Orange v. The Travelers Indemnity Co., No. 7:13-CV-06790-NSR (S.D.N.Y. May 14, 2014).

The Southern District of New York granted an insurer’s partial motion to dismiss insured’s separate claim of bad faith as duplicative where insured also maintained a breach of contract claim and both claims were predicated on the same underlying contractual dispute.

In 2011, Hurricane Irene and Tropical Storm Lee damaged four properties owned by the County of Orange, New York.  The County estimated its damages at over $400,000 for all four of its properties.  The County filed claims for coverage with its insurer, Travelers Indemnity Company, under a $5 million policy which covered wind and water damage.  Travelers denied the claim, informing the County that the properties were not covered under the policy.  The County alleged that Travelers did not conduct an investigation before denying the claim and issued identical denial letters for all four properties even  though the properties sustained different types of damage.  The County subsequently sued Travelers for breach of contract and breach of the covenant of good faith and fair dealing in connection with the underlying insurance claims.

Travelers responded by filing a motion to dismiss the claim for breach of the implied covenant of good faith and fair dealing. Travelers argued that the County’s bad faith claim was duplicative of the breach of contract claim because it was premised upon the same underlying facts.  The County responded that the claims arose from separate sets of facts and argued that Travelers’ decision to knowingly delay and deny the County’s claim without investigation gave rise to a distinct cause of action premised in bad faith.  The court disagreed.  The court first noted that New York law recognizes an implied duty of good faith in every contract.  As a result, the court  “does not recognize a separate cause of action for breach of the implied covenant of good faith and fair dealing when a breach of contract claim, based upon the same facts, is also pled,” because in those circumstances, the breach of the duty of good faith is essentially a breach of the contract.  Unless the factual allegations supporting the bad faith claim were different from those of the contract claim, the bad faith claim could not survive a motion to dismiss, according to the court.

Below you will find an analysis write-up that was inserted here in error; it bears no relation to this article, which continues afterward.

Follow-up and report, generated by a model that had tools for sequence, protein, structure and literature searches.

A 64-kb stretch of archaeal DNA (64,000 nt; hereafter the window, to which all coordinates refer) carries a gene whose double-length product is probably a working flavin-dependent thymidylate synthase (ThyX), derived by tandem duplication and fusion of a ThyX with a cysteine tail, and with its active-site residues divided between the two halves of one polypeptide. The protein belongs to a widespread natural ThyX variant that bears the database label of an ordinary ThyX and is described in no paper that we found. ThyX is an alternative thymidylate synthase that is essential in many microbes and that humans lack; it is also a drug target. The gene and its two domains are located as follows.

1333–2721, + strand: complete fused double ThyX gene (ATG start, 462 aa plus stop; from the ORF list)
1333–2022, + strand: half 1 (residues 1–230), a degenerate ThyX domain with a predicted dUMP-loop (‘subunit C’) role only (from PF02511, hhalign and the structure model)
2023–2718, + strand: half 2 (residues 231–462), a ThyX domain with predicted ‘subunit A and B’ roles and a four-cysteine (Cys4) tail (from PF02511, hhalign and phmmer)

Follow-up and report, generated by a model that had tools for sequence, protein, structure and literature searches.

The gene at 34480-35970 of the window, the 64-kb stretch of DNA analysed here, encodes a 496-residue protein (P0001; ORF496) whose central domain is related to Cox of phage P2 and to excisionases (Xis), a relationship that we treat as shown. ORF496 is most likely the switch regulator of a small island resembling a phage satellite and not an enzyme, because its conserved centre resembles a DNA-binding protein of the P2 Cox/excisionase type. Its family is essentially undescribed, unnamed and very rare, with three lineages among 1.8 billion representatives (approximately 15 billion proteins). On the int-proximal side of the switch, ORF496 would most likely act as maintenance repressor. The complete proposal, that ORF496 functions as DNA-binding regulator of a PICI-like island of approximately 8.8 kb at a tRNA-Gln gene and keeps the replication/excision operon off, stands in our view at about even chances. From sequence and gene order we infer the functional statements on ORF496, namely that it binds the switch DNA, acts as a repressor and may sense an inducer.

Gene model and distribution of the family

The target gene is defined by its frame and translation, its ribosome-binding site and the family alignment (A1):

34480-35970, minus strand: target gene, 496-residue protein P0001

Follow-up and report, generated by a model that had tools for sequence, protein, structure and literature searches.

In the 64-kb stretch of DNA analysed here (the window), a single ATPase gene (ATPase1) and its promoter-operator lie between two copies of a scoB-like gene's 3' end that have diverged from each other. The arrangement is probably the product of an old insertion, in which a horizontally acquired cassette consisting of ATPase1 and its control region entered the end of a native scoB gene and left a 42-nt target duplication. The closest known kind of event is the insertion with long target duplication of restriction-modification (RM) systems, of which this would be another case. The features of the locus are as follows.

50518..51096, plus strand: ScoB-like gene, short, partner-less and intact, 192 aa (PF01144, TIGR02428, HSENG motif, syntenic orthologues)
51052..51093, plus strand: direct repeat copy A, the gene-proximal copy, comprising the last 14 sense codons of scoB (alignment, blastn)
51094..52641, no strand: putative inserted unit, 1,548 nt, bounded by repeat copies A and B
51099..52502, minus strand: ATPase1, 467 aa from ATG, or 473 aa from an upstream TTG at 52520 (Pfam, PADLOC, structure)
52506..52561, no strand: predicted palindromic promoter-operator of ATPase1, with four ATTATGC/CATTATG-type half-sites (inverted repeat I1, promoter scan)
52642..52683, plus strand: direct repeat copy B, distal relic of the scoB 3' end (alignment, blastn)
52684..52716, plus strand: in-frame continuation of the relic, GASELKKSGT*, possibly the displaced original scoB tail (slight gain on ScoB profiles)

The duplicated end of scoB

Ultimately, the court found that the facts supporting each of  the County’s claims stemmed from the same underlying cause: Travelers’ failure to adhere to its contractual duties set forth in the insurance policy.  It noted that the alleged delay and failure to investigate ultimately boiled down to a failure to comply with the agreement.  The court also pointed out that the County’s own complaint comported with this conclusion, where the County argued that Travelers “wilfully and in bad faith ignor[ed] the clear language of the Policy’s provisions.”  As a result, the court granted Travelers’ motion to dismiss the County’s bad faith claim as duplicative of its breach of contract claim.